When my mother died earlier this summer, my siblings and I decided to postpone her memorial service. At the time, the maximum amount of people allowed at an outdoor funeral in New Jersey, where she lived, was 30 (due to Covid). Just our family alone – with all of my nieces and nephews – would nearly hit that target, without even beginning to move into other family and friends. And once we factored in that her four closest surviving friends are all in their 80’s, and thus at high risk, we decided to wait.
I’m not sure that was the right decision. I’ve watched at least three other friends bury their parents this summer, and all of them opted for the small – but immediate – funeral. I have this gnawing fear that by the time a vaccine is developed and travel is safe again, it will be too late. We will have forgotten her.
That is, of course, an irrational fear. I was blessed with two parents with very strong personalities. It is literally impossible to forget them. I’ve also realized that without even intending to, I am now actively engaging with my mother on a daily basis in ways that bring her strongly to mind.
I’ve mentioned before that my mother was an avid reader. That’s putting it mildly. One of the last things I did before vacating her apartment was to carefully parse out her books amongst my siblings. I chose non-fiction for my oldest brother, fiction for my sister and a blend of fiction and poetry for my own family.
All summer, I’ve been reading those books. I started with a John Le Carre thriller, Our Kind of Traitor. It isn’t even one of his most celebrated spy novels, but I enjoyed it thoroughly nonetheless. Then I moved on to a beautiful novel about music by Vikram Seth (of A Suitable Boy fame), called An Unequal Music. Right now, I’m reading a collection of short stories by Alice Munro.
As I make my way through these books – but particularly the Alice Munro, because she was one of my mother’s favorite authors – I feel very connected to my mom. I imagine what she might think about the characters, or how a particular reference to the Great Depression or World War II might resonate for her. I have this odd sensation that I am actually reading the book with her. And that is a beautiful thing.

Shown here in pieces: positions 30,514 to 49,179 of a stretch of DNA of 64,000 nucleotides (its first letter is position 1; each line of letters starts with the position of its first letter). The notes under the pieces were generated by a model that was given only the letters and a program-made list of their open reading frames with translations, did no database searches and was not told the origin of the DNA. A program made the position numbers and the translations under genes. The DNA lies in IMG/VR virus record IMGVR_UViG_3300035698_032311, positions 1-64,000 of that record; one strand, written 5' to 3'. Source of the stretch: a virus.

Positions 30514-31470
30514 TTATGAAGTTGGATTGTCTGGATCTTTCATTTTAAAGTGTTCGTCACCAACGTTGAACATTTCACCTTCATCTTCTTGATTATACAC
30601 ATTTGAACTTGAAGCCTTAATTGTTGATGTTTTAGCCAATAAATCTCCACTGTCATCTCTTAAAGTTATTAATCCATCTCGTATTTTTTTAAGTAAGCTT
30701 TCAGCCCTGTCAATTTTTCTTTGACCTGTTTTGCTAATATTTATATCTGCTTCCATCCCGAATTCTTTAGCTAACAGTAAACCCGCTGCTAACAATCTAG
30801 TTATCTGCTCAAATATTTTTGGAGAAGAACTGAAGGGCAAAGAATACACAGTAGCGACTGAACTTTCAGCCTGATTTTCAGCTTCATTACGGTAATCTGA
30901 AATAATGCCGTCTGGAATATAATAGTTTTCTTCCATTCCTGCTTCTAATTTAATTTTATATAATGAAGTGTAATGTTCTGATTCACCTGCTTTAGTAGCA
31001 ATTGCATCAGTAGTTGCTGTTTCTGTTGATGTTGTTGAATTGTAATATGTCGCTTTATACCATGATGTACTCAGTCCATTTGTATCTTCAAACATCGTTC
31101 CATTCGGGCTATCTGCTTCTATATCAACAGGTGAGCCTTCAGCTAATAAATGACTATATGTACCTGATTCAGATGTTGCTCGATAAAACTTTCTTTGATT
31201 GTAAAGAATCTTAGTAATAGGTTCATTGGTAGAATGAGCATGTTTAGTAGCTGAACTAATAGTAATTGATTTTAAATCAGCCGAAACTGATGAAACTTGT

A second way I am connecting to my mother is through her jewelry – (which, in his inimitable Jersey accent, my dad pronounced as “JEW-luh-ree.”) Because I gave all of my mother’s paintings to my siblings, I took her jewelry, which felt like a fair trade.
The funny thing about my mother’s jewelry is how out of keeping it was with the rest of her look. My mother’s style was exceedingly down-to-earth. She didn’t spend a lot of money on clothing and almost never wore make-up, save the odd dot of eye shadow or lipstick.
How odd, then, that her jewelry collection would be so eclectic and playful. She wore large, ceramic bangles…long, colorful beads…and silly, irreverent pins that poked out from her shirts. Underneath the practical, organized self she presented to the world, my mother’s inner actress beamed through in her accessories.
I wear that jewelry every day now. Some of it suits me and some of it doesn’t. But it doesn’t matter. It makes me feel close to her.
The final way I invoke my mother on a daily basis is through her speech. Like many of us, my mother evolved an odd collection of sayings over the years, some of which she surely inherited from her own mother and some of which she invented.
She liked to describe rainy days as “soggy,” as in “It’s soggy out today.” She loved the Yiddish word “farmisht” (also pronounced “fermished”). This word literally means “crazy or messed up,” but my mother extended it to mean “broken” or “not working,” as in “These batteries are fermished.” She also dutifully “wogged” her back every morning – her term for exercising and stretching. (At least two of my friends have written to me since her death telling me that they have appropriated this term from her. Love.)
If you lost something, and it was visible to the naked eye, she’d say “If it were a snake, it would bite you!” But if you looked for the item, and no one could find it, she’d joke: “I saw seven guys running down Heights Road with it!” (Heights Road was the street I grew up on).
I find myself using these expressions regularly now. Each time I do so, my face brightens with her memory.
If you’ve lost someone close to you, how do you invoke their presence in your daily life? Please share in the comments section.